The countries of Brazil, Russia, India, China and South Africa, collectively known as the BRICS, are some of the leading emerging economies in the world today. However, they are blessed and blighted by different economic scenarios and do not have similar business cycles. Consequently, growth in these countries sees upturns and downturns that are not necessarily in sync with each other. We take a quick look at their individual GDP trends, monetary policy, and other factors that are likely to influence their respective economies in the near future.
- GDP: Recent reports indicated the country has officially entered a period of recession, with GDP contracting by 0.2 in the first quarter of the year (indicated by revisions) and 0.6 percent in the second quarter from the same periods a year earlier.
- Interest Rates: The drop in economic activity comes after a wave of rate hikes to 11.0 percent from the nation’s central bank, primarily to control high levels of inflation.
- Unique: Unemployment continues to remain historically low around 4 percent, but the private sector has recently seen fatigue and is creating fewer jobs.
- GDP: Growth in the nation has seen a significant cool down in recent quarters after GDP reports in the last two years have shown an expansion of a mere 1 percent.
- Interest Rates: The country’s central bank has been increasing interest rates in recent months to deal with high inflationary pressures (which faces greater upside pressures as a consequence of further global sanctions against Russia), and is expected to maintain a tight monetary policy in the foreseeable future. Current interest rate is 8.0 percent.
- Unique: Several sanctions have been passed against Russia with more expected after it continues to create disharmony in Ukraine through military might for the purpose of more lenient trade policies.
- GDP:The nation’s economy showed its largest expansion since the first quarter of 2012 at 5.7 percent in its latest reports
- Interest Rates: India continues to deal with inflation issues, arising due to structural and bureaucratic issues, and the central bank continues to maintain a tight monetary policy. Central bank rates are currently at 8.0 percent.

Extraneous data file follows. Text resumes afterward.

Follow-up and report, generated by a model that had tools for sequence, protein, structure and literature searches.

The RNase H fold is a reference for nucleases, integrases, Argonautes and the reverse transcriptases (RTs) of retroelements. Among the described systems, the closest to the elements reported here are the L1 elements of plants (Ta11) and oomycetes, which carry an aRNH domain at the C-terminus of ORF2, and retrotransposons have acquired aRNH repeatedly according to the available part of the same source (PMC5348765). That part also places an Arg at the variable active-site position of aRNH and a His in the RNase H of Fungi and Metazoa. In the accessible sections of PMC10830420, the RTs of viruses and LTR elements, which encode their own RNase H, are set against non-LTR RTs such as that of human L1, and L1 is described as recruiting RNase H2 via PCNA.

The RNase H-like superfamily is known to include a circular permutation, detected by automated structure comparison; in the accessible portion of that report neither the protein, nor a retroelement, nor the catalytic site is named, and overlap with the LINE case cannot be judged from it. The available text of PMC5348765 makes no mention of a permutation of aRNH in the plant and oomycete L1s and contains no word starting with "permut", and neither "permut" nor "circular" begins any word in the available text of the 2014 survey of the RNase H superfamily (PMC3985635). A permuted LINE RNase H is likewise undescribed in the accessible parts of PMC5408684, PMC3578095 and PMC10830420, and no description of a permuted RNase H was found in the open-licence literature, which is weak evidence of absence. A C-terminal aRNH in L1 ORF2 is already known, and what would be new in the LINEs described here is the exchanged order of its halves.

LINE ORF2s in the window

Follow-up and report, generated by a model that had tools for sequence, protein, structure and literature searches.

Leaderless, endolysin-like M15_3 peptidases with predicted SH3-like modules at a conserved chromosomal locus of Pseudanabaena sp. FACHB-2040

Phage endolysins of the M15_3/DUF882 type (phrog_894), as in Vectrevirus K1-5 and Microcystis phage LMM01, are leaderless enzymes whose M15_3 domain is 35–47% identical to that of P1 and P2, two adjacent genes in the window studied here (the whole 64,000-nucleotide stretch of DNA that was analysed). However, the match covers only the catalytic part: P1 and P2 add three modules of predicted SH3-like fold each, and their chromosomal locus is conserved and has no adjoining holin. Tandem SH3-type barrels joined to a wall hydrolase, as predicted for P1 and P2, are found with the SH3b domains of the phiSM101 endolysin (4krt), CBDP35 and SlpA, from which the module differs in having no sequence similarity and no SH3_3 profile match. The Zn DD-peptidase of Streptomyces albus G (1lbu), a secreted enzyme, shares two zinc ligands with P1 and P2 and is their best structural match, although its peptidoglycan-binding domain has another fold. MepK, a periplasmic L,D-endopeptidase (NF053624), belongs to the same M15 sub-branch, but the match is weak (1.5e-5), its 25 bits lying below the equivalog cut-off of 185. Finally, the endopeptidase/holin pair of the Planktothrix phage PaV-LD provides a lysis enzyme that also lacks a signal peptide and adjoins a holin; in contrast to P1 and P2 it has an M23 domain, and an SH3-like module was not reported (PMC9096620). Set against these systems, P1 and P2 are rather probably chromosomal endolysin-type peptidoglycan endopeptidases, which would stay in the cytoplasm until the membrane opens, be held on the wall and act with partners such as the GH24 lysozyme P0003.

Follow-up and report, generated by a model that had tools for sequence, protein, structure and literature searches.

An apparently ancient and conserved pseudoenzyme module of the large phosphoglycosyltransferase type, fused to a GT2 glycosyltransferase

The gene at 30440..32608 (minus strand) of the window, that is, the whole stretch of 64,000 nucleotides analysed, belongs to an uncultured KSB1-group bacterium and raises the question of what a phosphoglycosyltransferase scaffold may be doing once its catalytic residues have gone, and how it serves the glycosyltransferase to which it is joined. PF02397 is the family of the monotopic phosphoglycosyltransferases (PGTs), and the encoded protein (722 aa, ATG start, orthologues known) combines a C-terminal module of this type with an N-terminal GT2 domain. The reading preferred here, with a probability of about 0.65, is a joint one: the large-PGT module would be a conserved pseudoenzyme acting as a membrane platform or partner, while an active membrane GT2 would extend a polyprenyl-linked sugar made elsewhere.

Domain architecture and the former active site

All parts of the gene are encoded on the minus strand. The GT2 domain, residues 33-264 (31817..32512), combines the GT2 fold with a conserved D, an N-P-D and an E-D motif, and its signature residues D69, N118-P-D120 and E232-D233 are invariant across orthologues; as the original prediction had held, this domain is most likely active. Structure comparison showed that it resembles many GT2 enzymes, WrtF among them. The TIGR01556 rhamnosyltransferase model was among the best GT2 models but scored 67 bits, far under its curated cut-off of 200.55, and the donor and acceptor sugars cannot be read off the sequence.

- Unique: The country has recently elected a new government, with expectations that it will bring its economic growth back on track
- GDP:Growth in China has largely slowed down in the last two years around the 7.5 percent mark, with recent trends indicating that the economic growth has flattened out.
- Interest Rates:The Asian Giant has kept its interest rates relatively unchanged for the past two years. Its refinancing rate currently stands at 3.25 percent.
- Unique: A sharp rise in credit has been seen in the last few months in China – and has been cited as the preventive cause of further deceleration in the country.
- South Africa
- GDP:The African nation has shown a slowdown in economic growth in recent years, dropping from 3.7 percent in December 2011 to 1.0 percent year-on-year in its last report
- Interest Rates: The nation faces issues of high unemployment (around 26 percent) and inflation (6.6 percent). Its central bank has been tightening monetary policy to prevent further inflationary pressures. Current Rates are at 5.5 percent.
- Unique: The country is facing issues of a growing credit bubble as well with its four largest banks downgraded recently by Moody’s
Taking a look at GDP figures, India’s and China’s growth rates clearly outpace the others. Brazil is currently the only BRICS nation in recession, but there will be no surprises if the strong slowdown in South Africa drags its economy backward as well.
Brazil leads the way with high interest rates among these nations with inflationary pressures offering no respite for it in the near-term. If India can make progress on eradicating its issues with bureaucratic red tape in the coming months, we may see more easing of monetary policy in Asia’s third largest economy. China’s recent loosening of its monetary policy had led to a sharp rise in credit and bad loans. Russia is unlikely to see lower rates unless it can deal with imminent sanctions resulting from its stand-off with Ukraine. (Note: Interest rates for China and Russia stand at 3.25 percent and 8.00 percent respectively, historical data was not available).
Certain common trends can be easily identified among these BRICS nations, even though their economies are vastly different. Inflation is a common threat to most, and it is taking its fair toll on growth as central banks of the respective nations keep increasing interest rates to counter inflationary pressures, making borrowing more expensive. China and India are the two nations among the five that are likely to show improvement in their economies based on improving investment sentiments and regulatory loosening. South Africa faces an uphill task of dealing with unemployment and inflation, and Brazil might have similar issues added to their agenda. Russia might be the worse placed among these nations. With its actions in Ukraine not making the world’s largest nation by area any friends, it will be interesting to see how the country reacts to further pressures imposed on it to back off its activities in Ukraine.